Over the last several years in Philadelphia, we have witnessed the erection of the first monument to a Black man in our city, abolitionist Octavius Catto; the first mural to a legal and civic giant, A. Leon Higginbotham, Jr.; a community effort to rename a street from Taney — named for the Supreme Court justice who wrote the Dred Scott decision — for Caroline LeCount, Philly’s own Rosa Parks; and a school renamed from racist president Andrew Jackson to former slave-turned-educator Fanny Coppin Jackson.
Like these people, to me, the All Stars are the everyday folks who are doing the heavy lifting for their race and culture: Teachers, sanitation workers, people who work the traffic lights and run nurseries — both for kids and for your grass — the people who are clerks in local stores. They are the preachers who reach masses of people on a daily basis; the writers whose praises don’t get as well-sung as they should; the social activists who are out there trying to make a better life for us even when we don’t understand what’s at stake.
These are the people Dr. Martin Luther King, Jr., referred to as the “ground crew without whose labor and sacrifices the jet flights to freedom could never have left the earth.”
William T. Coleman Jr.
William T. Coleman Jr.
A lifelong Philadelphian, William T. Coleman Jr. is most famous for drafting the plaintiff’s briefs in the landmark civil rights case Brown V. Board of Education, at the behest of future Supreme Court Justice Thurgood Marshall, while he was an attorney at Dilworth Paxson.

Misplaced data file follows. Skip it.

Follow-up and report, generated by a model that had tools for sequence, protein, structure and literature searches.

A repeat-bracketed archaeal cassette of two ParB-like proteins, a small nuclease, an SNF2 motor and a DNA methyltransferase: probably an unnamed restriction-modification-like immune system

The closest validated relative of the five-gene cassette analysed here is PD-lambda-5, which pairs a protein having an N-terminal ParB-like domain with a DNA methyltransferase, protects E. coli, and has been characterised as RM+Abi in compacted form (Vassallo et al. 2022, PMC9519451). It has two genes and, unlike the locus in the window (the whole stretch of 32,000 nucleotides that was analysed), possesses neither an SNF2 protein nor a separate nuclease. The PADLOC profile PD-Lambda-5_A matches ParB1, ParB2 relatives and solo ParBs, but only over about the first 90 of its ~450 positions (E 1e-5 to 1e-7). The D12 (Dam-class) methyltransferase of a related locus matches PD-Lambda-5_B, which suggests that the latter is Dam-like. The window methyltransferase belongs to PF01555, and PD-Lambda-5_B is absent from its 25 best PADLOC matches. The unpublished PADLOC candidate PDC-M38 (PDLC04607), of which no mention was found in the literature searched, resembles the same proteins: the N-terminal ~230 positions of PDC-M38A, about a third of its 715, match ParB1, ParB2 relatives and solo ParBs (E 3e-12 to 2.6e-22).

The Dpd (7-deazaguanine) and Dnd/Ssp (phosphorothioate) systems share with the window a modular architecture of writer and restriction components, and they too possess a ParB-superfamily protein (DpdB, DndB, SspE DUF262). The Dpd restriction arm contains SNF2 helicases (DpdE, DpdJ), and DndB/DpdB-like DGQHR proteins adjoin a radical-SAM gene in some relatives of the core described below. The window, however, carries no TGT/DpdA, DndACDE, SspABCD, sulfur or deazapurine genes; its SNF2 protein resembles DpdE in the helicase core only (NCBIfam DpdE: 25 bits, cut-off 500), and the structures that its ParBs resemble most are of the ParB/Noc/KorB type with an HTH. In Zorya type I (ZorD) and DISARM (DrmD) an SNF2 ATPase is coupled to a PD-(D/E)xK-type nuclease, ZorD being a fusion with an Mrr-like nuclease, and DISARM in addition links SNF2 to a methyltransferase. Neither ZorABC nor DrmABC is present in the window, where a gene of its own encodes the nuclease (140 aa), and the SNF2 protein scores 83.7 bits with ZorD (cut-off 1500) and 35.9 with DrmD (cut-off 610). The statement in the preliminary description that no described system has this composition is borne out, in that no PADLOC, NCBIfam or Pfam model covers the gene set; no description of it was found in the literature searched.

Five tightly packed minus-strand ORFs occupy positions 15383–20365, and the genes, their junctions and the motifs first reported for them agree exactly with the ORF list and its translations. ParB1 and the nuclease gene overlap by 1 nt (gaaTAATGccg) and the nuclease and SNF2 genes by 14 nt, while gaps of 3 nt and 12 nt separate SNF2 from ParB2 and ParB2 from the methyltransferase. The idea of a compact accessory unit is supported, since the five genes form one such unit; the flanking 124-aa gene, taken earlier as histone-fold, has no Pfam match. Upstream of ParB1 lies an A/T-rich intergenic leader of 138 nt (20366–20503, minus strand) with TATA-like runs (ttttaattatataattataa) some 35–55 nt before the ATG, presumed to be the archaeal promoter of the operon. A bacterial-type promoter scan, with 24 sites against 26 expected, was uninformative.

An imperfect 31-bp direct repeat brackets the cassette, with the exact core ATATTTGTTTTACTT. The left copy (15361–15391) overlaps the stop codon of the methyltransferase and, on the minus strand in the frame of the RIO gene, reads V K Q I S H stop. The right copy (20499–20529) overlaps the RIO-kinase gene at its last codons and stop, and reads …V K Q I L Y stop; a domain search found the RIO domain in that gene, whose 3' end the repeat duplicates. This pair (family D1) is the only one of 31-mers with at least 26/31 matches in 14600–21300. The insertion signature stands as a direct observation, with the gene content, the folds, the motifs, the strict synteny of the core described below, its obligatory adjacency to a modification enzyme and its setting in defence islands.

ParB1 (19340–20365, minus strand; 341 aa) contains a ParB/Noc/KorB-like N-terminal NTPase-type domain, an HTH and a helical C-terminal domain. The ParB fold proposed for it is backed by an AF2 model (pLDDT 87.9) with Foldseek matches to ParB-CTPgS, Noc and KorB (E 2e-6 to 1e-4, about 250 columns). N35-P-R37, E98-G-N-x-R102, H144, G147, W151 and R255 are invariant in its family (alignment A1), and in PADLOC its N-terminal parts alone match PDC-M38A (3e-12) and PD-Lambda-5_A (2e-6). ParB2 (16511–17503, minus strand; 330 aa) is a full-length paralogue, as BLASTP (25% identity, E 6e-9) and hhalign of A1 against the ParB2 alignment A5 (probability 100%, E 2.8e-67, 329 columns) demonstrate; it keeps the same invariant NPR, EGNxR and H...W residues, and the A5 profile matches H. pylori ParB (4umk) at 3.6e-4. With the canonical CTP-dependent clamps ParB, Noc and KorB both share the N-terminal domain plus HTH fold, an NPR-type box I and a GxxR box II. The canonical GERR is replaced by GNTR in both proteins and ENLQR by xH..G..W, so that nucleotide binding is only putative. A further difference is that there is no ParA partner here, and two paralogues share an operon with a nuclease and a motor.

Coleman was a legal giant both in Philadelphia and the country. He graduated first in his class from Harvard Law; was the first African American to serve as a Supreme Court Law Clerk; the first Black partner in a White law firm; and the second ever Black cabinet member, as Transportation Secretary under President Ford.
A Republican with a flair for style, Coleman served on the boards of several corporations, including PepsiCo, IBM and Chase Manhattan. As a lawyer he was instrumental in shaping the rights of Black Americans, through 19 cases he argued before the Supreme Court and during his tenure as president of the NAACP Legal Defense and Education Fund. He was awarded the Presidential Medal of Freedom by Pres. Clinton in 1995.
- Plaintiff’s attorney on Brown vs. Board of Education
- First Black American to serve as a Supreme Court law clerk
- First Black Transportation Department Secretary. In 2020, the department’s HQ was renamed in his honor
- First Black associate and then partner of a White law firm
Final word: “Bill Coleman was a rare and inspiring figure who devoted his own ambition and his own propensity for hard work not just to making his own good luck, but to making life better for his fellow Americans, both in his own time and for generations to follow,” wrote Ajay Raju, former Dilworth Paxson chair and Citizen board member.
Reporting by Aly Kerrigan and Ethan Young.